After the excitement of yesterday you might just want to relax on the beach or beside the rooftop infinity pool of your hotel. But there are loads of other things you might do, either booking an optional guided activity or exploring independently. You might head downtown to arty Santa Teresa, Rio's colonial heart, or the refurbished port area, a futuristic space where the interactive Museum of Tomorrow is the standout feature, and where former warehouses have been decorated with vivid street art depicting the ethnic diversity of Brazil. Alternatively, explore the exuberant Botanical Gardens, or, if that’s a bit too sedate for you, take a cycle tour or book a hang-gliding or helicopter experience for a bird’s eye perspective over the city.

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Rio de Janeiro

Day 4

Explorations from the lodge.
 
hyacinth macaw on pantanal swamp

What a contrast!  From the teeming city of Rio you’ll fly into the peaceful, remote interior of Brazil’s heartland, to spend a couple of days in the Pantanal wetlands. This vast (the size of France) and seasonally-flooded area of swampy grasslands and lagoons bustles with wildlife all year round and is a paradise for nature lovers. Unlike the areas of high jungle, the Pantanal is an open area of swampy grasslands, leaving some of the highest concentration of fauna in the continent exposed to view; thriving happily alongside the cattle of the huge ranches which cover the region. There is nowhere else on the continent where you can feast your eyes on so much wildlife in one place.  

Travel by road to your wildlife lodge and set off on a night-time canoe trip to spot the glinting red eyes of the watchful caiman. 

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hyacinth macaw on pantanal swamp

Day 5

Explorations from the lodge.
 
river otters

Put on your expedition hat for a full-day safari discovering the area around the lodge, which is set on the banks of a lake populated by giant river otters. Your experience will be dictated by how you prefer to explore - on horse-back, by canoe, or on foot. Sun-seeking alligators stretch out on the river beaches while gangs of the ubiquitous capyvara - giant rodent - stroll lazily across the road. Giant storks and rosy spoonbills wade through the standing water while agitated parakeets and clouds of snowy ibis take to the sky. You could visit a farm on the banks of a shimmering lake for sunset, when birds congregate for evening feeding with a raucous cacophony of sound.

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river otters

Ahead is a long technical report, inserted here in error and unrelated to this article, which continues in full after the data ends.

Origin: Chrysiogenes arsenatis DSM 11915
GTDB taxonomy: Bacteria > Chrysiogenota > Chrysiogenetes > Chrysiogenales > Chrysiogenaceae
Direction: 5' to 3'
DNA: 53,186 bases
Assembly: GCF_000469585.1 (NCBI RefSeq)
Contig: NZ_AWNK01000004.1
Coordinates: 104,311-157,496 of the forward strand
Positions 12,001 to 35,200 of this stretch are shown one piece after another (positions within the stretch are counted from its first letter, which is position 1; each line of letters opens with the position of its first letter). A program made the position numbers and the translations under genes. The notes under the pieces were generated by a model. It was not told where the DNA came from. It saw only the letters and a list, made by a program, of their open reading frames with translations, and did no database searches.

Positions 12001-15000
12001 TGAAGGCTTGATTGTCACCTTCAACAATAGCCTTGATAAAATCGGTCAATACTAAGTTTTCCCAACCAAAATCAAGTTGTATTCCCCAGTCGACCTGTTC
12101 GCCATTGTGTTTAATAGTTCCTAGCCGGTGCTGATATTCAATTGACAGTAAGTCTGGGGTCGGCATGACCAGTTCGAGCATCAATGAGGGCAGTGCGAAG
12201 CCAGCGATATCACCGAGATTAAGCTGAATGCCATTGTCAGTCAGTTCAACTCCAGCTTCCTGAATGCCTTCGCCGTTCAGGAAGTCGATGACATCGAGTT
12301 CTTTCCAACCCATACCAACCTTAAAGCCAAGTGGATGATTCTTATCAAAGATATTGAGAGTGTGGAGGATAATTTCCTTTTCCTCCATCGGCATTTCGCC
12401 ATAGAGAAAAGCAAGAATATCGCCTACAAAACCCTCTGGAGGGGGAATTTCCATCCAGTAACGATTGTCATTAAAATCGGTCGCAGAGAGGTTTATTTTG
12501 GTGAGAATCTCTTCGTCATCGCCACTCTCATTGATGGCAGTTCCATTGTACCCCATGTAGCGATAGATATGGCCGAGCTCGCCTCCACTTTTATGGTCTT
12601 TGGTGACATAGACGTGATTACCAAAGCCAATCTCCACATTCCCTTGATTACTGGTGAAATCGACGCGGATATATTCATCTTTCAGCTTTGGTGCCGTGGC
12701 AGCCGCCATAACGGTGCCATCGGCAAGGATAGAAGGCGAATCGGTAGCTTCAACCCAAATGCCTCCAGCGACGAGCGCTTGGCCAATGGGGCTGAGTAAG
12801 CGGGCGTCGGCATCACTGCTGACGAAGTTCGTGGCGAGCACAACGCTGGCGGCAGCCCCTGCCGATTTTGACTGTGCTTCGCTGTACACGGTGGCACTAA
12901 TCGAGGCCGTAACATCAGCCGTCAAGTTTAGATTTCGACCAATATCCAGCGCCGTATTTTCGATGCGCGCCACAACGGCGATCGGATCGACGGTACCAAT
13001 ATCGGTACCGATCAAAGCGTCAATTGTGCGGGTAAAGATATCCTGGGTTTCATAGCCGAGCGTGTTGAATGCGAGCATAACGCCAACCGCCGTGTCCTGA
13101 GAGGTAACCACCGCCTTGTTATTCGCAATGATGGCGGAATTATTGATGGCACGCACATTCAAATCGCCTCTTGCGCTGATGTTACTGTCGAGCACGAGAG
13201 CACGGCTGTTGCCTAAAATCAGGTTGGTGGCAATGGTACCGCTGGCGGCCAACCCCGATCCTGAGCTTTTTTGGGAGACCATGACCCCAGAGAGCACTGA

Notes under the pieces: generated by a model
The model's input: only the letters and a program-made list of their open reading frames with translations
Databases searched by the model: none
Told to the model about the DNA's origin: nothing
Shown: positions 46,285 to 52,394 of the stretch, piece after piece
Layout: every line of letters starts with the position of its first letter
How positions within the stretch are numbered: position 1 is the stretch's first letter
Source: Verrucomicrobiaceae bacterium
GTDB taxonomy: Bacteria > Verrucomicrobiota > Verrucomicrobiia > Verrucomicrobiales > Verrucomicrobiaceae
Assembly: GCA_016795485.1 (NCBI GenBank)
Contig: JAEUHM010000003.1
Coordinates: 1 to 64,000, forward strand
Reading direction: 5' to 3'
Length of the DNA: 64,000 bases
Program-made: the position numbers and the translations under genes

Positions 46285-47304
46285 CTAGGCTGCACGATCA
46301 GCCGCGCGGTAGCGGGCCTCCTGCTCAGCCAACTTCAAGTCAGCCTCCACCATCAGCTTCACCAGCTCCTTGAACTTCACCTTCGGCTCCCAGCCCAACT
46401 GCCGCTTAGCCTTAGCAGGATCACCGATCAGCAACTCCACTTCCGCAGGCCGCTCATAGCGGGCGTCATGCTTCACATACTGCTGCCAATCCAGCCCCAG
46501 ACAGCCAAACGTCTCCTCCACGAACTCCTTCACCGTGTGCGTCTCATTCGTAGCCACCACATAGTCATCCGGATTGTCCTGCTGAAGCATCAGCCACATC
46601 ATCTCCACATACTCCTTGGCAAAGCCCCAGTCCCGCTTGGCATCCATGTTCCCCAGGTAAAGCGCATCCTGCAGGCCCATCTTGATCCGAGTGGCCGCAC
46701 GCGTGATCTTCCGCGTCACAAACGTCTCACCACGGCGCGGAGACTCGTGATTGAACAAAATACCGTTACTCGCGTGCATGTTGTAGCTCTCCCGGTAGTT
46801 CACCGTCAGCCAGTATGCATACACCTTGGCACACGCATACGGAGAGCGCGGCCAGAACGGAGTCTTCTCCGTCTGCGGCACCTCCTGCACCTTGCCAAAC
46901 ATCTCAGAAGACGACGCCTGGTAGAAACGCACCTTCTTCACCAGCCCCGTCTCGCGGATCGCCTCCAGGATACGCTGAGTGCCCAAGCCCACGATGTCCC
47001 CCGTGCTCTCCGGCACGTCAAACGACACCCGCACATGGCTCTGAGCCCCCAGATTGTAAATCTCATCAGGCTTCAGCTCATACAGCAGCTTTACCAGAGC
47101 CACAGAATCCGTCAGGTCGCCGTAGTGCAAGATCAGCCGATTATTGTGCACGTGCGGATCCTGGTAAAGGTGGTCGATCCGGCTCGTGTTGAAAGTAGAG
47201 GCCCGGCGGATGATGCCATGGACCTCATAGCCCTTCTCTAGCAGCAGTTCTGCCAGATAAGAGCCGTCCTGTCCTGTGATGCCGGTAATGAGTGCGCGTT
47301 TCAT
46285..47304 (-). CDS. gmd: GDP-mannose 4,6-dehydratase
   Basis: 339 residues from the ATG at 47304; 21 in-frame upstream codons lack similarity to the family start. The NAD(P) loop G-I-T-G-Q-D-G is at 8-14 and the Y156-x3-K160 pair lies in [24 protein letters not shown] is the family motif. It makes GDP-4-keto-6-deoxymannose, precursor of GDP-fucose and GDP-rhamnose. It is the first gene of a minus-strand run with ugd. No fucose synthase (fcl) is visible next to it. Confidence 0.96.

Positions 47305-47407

Day 6

Optional activities from the lodge.
 
Pantanal cattle

How does the sparse rural population of the Pantanal live?  On your free day, you may elect to find out with a guided visit to the riverside village Cuiabá-Mirim, where you’ll visit a wooden family house and learn about the traditions of the pantaneiros.  Alternatively, you might opt to go fishing for piranhas, or go on a photography safari.  The wildlife is so varied that later you may spot a lumbering anteater munching his tea, while squawking macaws flutter overhead.

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Pantanal cattle

Day 7

By road to Cuiabá, overnight.
 
Jabiru

Head back down the lonely Pantanal road for three hours to Cuiabá, where you will spend the night owing to an early flight departure time the following day.  Founded in 1719 during the gold rush, prosperous Cuiabá is now one of Brazil's fastest-growing cities thanks to booming cattle ranching and agricultural industries.

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Jabiru

Day 8

Fly south to Iguazú Falls.
 
Iguazu falls

It’s just one top experience after another! From the unique wildlife extravaganza in the Pantanal you move on to view the most spectacular waterfalls in the world, almost universally agreed to surpass both Victoria and Niagara in size and drama. A grand total of 275 falls thunder over a high, rust-coloured cliff decorated by dense tropical forest. The Iguazú river flows decorously through the rainforest, dispersing into dozens of smaller cascades. You will probably spot toucans and many other exotic birds perched in the foliage above the agitated waters.

On your way to your hotel across the border in Argentina, you’ll stop off to admire the panoramic vistas from the Brazilian side, where the cataracts seem to consist of one continuous, never ending curtain of rushing water. But it’s even better than that: you’ll board a helicopter for a short flight over the whole length and breadth of the falls, when you’ll really get to appreciate the immense magnitude of this remarkable natural phenomenon.

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Iguazu falls

Day 9

Take to the Iguazú river in a boat.
 
Iguassu Falls

Happily, your hotel is the only accommodation inside the national park, just a short stroll from the falls themselves. If you get up early and enter the park when it opens, you can walk along a rustic path to the walkway which leads to the U-shaped Devil’s Throat: here, the frothing water crashes mercilessly over a 1.5km-wide precipice and columns of vapour are thrown skyward. From the lookout point on the edge you can peer right down into the fathomless vortex. If you go a bit later you can take a little train to get to the walkway, but you certainly won’t be alone there if you do.

In the afternoon, there’s an exhilarating boat ride taking you up to the base of the falls, dwarfed by the monumental size of the cataracts - so close that you are bound to get soaking wet: but what an experience - you won’t forget it in a hurry.